System changes enabling emergency department (ED) activation of the CCL and immediate patient transfer have reduced DTB times in the United States and Canada.12-14 Barriers to implementing ED activation of the CCL are concerns about handing over diagnostic responsibility;15 potential adverse outcomes from misdiagnosis; overcalling; and increased resource use. Current Australian practice is variable and individualised by hospital or health service. We understand that many Australian hospitals continue to use cardiology activation of the CCL by the cardiology team.

Our hospital’s audit data suggested that we were not achieving target DTB times despite many practice changes. Therefore, we changed CCL activation criteria and practices, with close collaboration between the emergency and cardiology departments. The aim of our study was to determine if ED activation of the CCL and immediate patient transfer to the CCL (the “Code STEMI” protocol [Box 1]) reduces overall DTB times and increases the proportion of patients for whom the recommended DTB time of < 90 minutes is achieved.

Methods

We conducted an observational study of patients presenting consecutively to Sir Charles Gairdner Hospital, Perth, Western Australia, from January 2007 to October 2009, who underwent emergency coronary angiography for suspected STEMI. We included patients of all ages; those who had suffered a cardiac arrest outside the hospital; were in cardiogenic shock; were undergoing imaging to exclude aortic dissection; had non-diagnostic first electrocardiography; and those who presented more than 12 hours after the onset of pain and underwent primary PCI for ongoing pain or cardiac conduction instability. Patients transferred from other hospitals and those having “rescue” PCI for unsuccessful thrombolysis were excluded, as the ED was not involved in their care. Median DTB times before and after implementation of the Code STEMI protocol were compared.

Code STEMI protocol

The traditional protocol involved the cardiology team activating the CCL and routine transfer of the patient to the CCL (Box 2). A collaborative root-cause analysis of the protocol was undertaken in November 2008 to decide how to improve the system of care. Two main reasons for prolonged DTB times were identified: lengthy and complicated decision-making processes and delays in patient transfers to the CCL.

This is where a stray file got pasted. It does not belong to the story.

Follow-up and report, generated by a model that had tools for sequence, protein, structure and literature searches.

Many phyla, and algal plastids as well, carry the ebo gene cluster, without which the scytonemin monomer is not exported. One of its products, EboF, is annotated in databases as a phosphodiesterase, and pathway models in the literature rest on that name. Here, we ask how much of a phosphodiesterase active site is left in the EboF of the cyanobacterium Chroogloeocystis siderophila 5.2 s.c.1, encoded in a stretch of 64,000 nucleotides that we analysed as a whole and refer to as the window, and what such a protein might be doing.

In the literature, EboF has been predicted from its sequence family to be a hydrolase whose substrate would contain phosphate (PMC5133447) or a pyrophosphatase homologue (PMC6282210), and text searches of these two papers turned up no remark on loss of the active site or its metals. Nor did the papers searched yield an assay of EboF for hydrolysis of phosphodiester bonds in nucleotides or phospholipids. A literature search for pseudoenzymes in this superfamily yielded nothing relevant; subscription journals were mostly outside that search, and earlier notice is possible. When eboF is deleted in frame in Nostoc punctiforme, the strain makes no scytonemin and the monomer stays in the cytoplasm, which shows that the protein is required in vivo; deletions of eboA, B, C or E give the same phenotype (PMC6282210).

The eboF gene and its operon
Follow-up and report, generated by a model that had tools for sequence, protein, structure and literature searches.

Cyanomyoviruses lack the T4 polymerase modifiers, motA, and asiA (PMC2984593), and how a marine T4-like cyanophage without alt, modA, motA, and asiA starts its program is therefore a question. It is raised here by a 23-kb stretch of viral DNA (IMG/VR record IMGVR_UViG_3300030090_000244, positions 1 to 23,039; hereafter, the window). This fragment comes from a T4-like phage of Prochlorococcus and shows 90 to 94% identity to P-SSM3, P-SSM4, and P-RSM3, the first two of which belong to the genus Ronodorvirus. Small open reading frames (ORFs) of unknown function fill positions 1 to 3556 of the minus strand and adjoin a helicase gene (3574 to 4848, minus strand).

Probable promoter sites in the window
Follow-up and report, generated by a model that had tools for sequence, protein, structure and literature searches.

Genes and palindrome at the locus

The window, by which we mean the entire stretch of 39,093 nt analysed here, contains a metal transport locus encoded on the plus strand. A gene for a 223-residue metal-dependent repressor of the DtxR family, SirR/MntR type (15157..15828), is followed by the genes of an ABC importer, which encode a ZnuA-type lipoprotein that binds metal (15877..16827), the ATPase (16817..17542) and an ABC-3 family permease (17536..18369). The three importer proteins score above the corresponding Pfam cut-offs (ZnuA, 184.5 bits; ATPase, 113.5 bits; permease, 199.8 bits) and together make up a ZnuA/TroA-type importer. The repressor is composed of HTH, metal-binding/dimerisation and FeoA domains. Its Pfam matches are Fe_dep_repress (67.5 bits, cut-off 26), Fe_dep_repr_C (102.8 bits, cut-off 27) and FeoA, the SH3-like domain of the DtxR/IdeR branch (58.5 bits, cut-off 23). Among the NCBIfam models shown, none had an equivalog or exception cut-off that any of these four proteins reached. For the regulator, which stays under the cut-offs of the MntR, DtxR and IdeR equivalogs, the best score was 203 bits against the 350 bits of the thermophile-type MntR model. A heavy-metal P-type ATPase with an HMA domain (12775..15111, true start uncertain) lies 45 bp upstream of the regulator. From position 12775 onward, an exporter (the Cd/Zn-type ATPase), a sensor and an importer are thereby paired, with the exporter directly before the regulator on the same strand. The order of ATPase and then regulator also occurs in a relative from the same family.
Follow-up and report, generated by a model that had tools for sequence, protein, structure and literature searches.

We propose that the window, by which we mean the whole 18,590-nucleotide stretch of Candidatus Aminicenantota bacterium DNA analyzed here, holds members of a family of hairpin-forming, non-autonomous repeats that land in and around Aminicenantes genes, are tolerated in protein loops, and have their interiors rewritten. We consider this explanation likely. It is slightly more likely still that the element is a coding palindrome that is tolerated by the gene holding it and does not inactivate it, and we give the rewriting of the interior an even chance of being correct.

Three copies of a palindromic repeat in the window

Code STEMI was introduced in February 2009 and involved four main changes: emergency physician CCL activation; ED single-call CCL activation; immediate patient transfer to the CCL by ED staff; and early feedback of results to all staff involved.

During office hours (8 am to 5 pm, Monday to Friday), patient transfers to the CCL occurred as soon as possible using a “pack up and go” approach. Any unnecessary procedures, such as chest x-rays, and heparin and nitrate infusions, were avoided. For patients who arrived after hours, we aimed for a 20-minute period from activation to their arrival in the CCL to give CCL staff enough time to arrive at the hospital. After-hours patients who were in cardiogenic shock, intubated or had cardiac conduction instability often required cardiologist assessment before transfer. Emergency staff were encouraged to assist with CCL patient care and observe procedures for educational purposes.

Results including median DTB time, door-to-activation (DTA) time, activation-to-balloon (ATB) time, coronary anatomy and procedural success were emailed to ED and cardiology staff within 48 hours. Electrocardiograms (ECGs), DTB times and coronary angiograms of interesting cases were posted on an ED noticeboard. Results were presented quarterly at departmental meetings. The protocol was dynamic, with ongoing minor changes (eg, ensuring coronary-care staff turned CCL lights on for after-hours patients).